(4) INJURY TO YOU: The seriousness of your injury has to be considered. (Ole’ Doc Comfort, your attending physician’s Medical Report, should go into detail about that).Your age will have an effect on the time it takes you to recover. The time you lost at work will have a direct bearing on the length of your recovery.
(5) SPECIAL DAMAGES: All of your direct and tangible losses are prime factors to be implemented in the consideration of the value of your claim.(Clearly stated details regarding Damages are found in Chapter Four of my book).
(6) INTANGIBLE ELEMENTS: These include your reasonableness, your economic status, your standing in the community, the obvious sentiment conjured up when one considers the degree of the seriousness of your injury, plus the attitude of Fred Fuddle (and often your witness) regarding your case.
Sympathy will come into play if you’re a widow or a highly respected Little League Coach, in contrast to your being identified as a raucous bum with a history of getting into scrapes with the law.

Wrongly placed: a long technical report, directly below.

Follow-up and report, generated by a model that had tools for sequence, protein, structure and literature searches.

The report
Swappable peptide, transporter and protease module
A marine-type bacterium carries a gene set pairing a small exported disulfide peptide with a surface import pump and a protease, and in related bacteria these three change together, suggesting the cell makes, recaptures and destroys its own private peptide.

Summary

Emotional factors often have considerable weight in the evaluation of your claim. Whatever the intangible elements may be, you must force yourself to investigate and then evaluate them just as objectively as possible. So, if what’s being contended is incorrect, you can deny them (plus you must prove the conclusions not to be true) when and where it becomes appropriate to do so.
Copyright (c) 2004 By Daniel G. Baldyga. All Rights Reserved
DISCLAIMER: The only purpose of this article INSIGHTS INTO YOUR MED-PAY INSURANCE CLAIM COVERAGE is to help people understand the motor vehicle accident claim process. Neither Dan Baldyga nor ARTICLECITY.COM make any guarantee of any kind what whatsoever; NOR do they purport to engage in rendering any professional or legal service; NOR to substitute for a lawyer, an insurance adjuster, or claims consultant, or the like. Whenever such help is desired it is THE INDIVIDUALS RESPONSIBILITY to obtain such services.
Auto and Trucks
Business and Finance
Computers and Internet
Food and Drink
Gadgets and Gizmos
Kids and Teens
Music and Movies
Pets and Animals
Politics and Government
Recreation and Sports
Religion and Faith
Travel and Leisure